People on longer treks with multiple legs to their adventure could benefit by using the lid as a messenger bag if they went into town for a bite to eat.

In the Field

fjallraven kajka 35 pack side pocket
Side pockets can be bought separately to expand the Fjallraven Kajka 35 pack’s capacity; (photo/Nick LeFort)

In 4 months, I went on three overnight trips and multiple-day hikes with the Kajka 35. I never felt that the pack was too big or too small. I use a lot of internal pouches to organize my gear, make my setup more efficient, and improve the ease of access.

When I originally picked up the pack, I also snagged a side pocket from Fjallraven. I could easily have attached it to the front or side of the bag, but instead used it inside as a removable pouch for my water purifier, camp towel, and utensils.

Aside from clothing and food, I brought a Terra Nova Southern Cross 2 two-person tent that I stored in the pack. The tent took up the entire length of the inside of the pack and could have easily been lashed to the outside with the compression straps.

However, I wanted to be as streamlined as possible, and as the tent only took up a third of the width and depth of the main compartment, it was fine for my needs.

I considered bringing my Sierra Designs Backcountry Bed sleeping bag and pushed it to the bottom of the pack next to the tent. However, I saved that for late fall and winter as I tend to run hot. So, I relied on my Klymit Nest Sleeping Bag Liner and my Therm-A-Rest NeoAir XLite NXT sleeping pad.

Due to its long tube shape, the Kajka 35 is easy to load the right way, so you take up the space available to you without it being unruly or off-kilter.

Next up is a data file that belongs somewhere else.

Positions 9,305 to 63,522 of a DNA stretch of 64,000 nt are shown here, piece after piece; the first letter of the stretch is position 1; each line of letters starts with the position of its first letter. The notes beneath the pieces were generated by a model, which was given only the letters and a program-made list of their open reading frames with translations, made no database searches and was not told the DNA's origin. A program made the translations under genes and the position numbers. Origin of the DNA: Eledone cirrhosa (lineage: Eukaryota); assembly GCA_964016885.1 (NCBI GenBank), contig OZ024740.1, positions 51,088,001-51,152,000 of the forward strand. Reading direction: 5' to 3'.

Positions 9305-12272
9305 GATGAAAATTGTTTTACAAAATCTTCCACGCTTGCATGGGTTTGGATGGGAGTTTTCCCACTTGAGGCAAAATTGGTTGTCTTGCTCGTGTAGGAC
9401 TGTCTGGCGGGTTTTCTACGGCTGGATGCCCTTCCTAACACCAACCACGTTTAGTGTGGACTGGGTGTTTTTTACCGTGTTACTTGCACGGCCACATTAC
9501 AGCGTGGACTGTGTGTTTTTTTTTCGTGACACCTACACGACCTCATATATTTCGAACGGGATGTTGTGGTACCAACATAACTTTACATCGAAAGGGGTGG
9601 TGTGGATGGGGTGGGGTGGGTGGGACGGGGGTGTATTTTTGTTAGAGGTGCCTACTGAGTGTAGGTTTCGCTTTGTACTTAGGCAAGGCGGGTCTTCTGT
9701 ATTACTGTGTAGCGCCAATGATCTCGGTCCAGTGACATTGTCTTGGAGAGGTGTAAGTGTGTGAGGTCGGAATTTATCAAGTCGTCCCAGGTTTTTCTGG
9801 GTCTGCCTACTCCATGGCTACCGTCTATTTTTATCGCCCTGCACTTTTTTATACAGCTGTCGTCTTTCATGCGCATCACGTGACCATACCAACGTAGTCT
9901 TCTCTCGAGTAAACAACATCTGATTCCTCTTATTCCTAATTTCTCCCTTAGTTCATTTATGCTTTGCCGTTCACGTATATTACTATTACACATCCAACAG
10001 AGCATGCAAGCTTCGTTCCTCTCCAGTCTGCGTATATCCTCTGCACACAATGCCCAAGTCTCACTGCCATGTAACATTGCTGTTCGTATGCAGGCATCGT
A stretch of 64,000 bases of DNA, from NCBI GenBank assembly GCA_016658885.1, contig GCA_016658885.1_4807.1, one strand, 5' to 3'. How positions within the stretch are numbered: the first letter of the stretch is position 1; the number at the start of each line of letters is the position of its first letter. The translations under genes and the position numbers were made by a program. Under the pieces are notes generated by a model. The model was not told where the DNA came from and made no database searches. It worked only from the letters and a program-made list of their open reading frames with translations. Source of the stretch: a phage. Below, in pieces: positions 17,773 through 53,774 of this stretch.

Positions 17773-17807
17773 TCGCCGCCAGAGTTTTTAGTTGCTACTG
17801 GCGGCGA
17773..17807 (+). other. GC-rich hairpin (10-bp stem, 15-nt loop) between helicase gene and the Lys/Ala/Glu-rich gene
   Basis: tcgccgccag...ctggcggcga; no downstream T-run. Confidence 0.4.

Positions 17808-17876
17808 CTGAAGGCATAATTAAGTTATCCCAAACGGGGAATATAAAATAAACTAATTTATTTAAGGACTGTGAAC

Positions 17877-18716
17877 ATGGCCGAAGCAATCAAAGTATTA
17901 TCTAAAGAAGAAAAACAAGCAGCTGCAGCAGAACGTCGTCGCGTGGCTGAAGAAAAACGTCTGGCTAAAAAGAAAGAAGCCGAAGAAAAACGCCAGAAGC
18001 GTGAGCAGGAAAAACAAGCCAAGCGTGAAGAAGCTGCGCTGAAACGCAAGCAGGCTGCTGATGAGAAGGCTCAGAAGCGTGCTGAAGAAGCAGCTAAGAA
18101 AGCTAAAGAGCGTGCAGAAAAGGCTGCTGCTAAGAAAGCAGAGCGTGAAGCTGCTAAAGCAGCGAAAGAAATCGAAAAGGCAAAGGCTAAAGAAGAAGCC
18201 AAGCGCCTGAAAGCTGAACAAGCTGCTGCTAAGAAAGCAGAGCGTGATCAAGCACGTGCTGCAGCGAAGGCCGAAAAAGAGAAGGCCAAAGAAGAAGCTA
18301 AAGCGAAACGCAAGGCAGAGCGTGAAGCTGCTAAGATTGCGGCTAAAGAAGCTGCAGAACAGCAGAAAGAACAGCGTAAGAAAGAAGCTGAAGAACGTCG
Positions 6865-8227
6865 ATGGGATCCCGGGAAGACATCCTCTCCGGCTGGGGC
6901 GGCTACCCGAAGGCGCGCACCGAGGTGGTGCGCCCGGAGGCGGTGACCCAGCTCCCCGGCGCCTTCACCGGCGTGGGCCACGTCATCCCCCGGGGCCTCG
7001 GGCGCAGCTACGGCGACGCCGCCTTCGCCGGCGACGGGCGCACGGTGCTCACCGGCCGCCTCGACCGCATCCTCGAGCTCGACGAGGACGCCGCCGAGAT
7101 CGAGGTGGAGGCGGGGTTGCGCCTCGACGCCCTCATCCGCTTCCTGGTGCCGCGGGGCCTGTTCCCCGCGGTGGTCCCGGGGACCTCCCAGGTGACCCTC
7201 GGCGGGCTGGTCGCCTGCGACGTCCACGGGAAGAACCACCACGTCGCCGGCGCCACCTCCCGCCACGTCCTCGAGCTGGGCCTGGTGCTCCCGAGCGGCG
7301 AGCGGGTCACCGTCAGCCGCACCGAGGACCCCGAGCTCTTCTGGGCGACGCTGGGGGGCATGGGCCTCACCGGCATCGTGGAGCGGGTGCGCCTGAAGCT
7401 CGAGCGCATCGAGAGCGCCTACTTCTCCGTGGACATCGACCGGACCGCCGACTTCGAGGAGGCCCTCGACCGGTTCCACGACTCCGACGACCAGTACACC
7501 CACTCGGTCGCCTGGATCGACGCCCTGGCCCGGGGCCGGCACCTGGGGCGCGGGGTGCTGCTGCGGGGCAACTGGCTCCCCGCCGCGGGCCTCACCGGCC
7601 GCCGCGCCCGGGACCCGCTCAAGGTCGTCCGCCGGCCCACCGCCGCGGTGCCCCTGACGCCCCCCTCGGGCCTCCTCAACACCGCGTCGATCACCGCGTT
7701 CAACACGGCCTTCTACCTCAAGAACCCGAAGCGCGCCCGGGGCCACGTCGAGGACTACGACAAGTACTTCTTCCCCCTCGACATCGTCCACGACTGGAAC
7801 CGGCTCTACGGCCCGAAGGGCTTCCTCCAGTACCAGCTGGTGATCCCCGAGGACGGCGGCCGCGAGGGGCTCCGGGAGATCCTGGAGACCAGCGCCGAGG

Kajka 35 Cons

inside fjallraven kajka 35 pack
(Photo/Nick LeFort)

My two gripes with the pack are the hip belt and the reservoir sleeve. Neither of these are deal breakers for me, but they’re worth noting because they changed my approach to packing and using the Kajka 35 overall.

The hip belt is high-density foam. It gives you great support; however, if you have a little bit of a belly, it will be uncomfortable. Also, as with almost every pack with hip belts, carrying anything on your pants belt won’t be an option if you use the hip belt. The pocket is great for holding items like a headlamp or a compass, but you lose quick access to a handheld GPS device or belt knife.

The issue with the reservoir sleeve is a little more annoying. The way it is positioned in the pack’s main compartment causes the bladder to sit lower. When the Kajka 35 is fully packed, everything is pushed down and against it so that you can’t suck water out of the tube without blowing out a lung.

Because of this, I used the sleeve for a smaller solar panel and brought a water bottle. This wasn’t an ideal solution, and I would probably need to bring two water bottles with me or lash something like this to the front for midsummer adventuring in drier environments.

In Conclusion

man wearing packed fjallraven kajka 35 pack
(Photo/Nick LeFort)

Even though I ran into a couple of snags with the hip belt and water reservoir sleeve, I don’t want that to detract from the overall build and capabilities of the Kajka 35. It’s a sleek, durable backpack that, if you pack it right, can provide you with multiple days and nights of backpacking. It’s also incredibly comfortable, contouring to your shoulders and back.

Considering the pack is almost 5 pounds and only has a capacity of 35L, I know some folks will dismiss it right off the bat for being heavy. I respect people who take the ultralight approach until they sacrifice things like safety and reliability. I would hate to see them skip over a bag like the Kajka because they deemed it too heavy.

fjallraven kajka 35 side pocket shown with its contents next to it
Side pockets upgrade your pack with additional storage space; (photo/Nick LeFort)

Though I take my time on the trail, I’m not doing it to avoid obstacles. My pack needs to get through some thorny brush or withstand sliding down some rocks. With all due respect to some of the ripstop materials out there, Vinylon F performs like it was issued to soldiers during WWII. It’s beefy, which aids in its abrasion and weather resistance.

The Kajka 35 isn’t going to tear open like a bag of chips if I get hung up on a branch or something. To me, that’s peace of mind.

Group backpacking photo